Roget's 21st Century Thesaurus, Third Edition Copyright © 2013 by the Philip Lief Group.

EXAMPLES FROM THE WEB FOR DEGREE

Aunt Jane approached a degree nearer the equator, and said, gently, "I fear I do."

It came, to some degree, with the realisation that the Universal Thought must be with me.

To a degree that convinces myself I have made the demonstration.

I am speaking for the moment only of the degree to which the testing comes.

The degree to which we work them out depends on our own efforts.

If you think they were embarrassed to the degree that they could not eat, you are mistaken.

At last, however, he mastered his irritation to some degree, and spoke his command briefly.

But he was, to some degree, apathetic from over-much misery.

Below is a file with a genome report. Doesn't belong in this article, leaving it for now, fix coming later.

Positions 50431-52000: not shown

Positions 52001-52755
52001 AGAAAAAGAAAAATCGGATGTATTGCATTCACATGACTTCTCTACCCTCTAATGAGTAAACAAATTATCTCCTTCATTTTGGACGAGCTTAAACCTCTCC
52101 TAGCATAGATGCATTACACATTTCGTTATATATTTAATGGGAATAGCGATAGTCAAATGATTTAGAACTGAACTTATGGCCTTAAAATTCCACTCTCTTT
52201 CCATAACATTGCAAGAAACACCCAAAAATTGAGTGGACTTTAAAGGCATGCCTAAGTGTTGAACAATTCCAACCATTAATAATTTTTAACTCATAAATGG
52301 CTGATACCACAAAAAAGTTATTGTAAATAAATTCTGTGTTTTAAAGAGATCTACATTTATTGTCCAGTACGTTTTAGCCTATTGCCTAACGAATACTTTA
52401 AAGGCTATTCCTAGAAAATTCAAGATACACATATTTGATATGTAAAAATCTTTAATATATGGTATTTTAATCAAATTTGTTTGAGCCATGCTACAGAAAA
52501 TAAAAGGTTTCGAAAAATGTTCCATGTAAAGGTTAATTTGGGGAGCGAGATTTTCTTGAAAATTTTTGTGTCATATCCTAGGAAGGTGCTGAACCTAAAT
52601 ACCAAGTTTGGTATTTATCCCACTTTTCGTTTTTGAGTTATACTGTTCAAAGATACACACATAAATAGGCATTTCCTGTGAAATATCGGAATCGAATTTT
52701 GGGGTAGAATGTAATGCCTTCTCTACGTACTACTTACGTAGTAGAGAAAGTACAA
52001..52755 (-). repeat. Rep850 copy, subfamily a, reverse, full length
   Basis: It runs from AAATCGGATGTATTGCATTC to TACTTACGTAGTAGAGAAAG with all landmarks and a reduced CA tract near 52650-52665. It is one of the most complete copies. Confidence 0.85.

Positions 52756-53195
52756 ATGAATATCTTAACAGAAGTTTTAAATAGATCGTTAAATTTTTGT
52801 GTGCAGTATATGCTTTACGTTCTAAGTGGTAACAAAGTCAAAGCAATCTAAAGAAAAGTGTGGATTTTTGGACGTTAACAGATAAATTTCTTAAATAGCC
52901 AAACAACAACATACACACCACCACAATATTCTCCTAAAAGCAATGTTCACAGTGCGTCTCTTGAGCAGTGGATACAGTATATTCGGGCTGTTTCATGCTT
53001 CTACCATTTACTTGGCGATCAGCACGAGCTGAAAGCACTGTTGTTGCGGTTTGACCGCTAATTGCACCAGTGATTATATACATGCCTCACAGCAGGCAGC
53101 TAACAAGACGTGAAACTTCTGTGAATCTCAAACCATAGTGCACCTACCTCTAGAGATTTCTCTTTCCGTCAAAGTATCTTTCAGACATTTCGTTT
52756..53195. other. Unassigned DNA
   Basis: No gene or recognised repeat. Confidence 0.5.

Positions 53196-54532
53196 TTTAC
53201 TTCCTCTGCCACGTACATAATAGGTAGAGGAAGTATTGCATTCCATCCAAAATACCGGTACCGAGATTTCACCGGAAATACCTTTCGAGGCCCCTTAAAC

The Street came decorously, albeit with a degree of uncertainty as to supper.

The degree he refused to accept, for what reason has never been explained.

WORD ORIGIN

early 13c., from Old French degré (12c.) "a step (of a stair), pace, degree (of relationship), academic degree; rank, status, position," said to be from Vulgar Latin *degradus "a step," from Late Latin degredare, from Latin de- "down" (see de-) + gradus "step" (see grade (n.)).

Most modern senses date from Middle English, from notion of a hierarchy of steps. Meaning "a grade of crime" is 1670s; that of "a unit of temperature" is from 1727. The division of the circle into 360 degrees was known in Babylon and Egypt. It is perhaps from the daily motion of the sun through the zodiac in the course of a year.

MORE RELATED WORDS FOR DEGREE

academic degree

nouncollege degree
Roget's 21st Century Thesaurus, Third Edition Copyright © 2013 by the Philip Lief Group.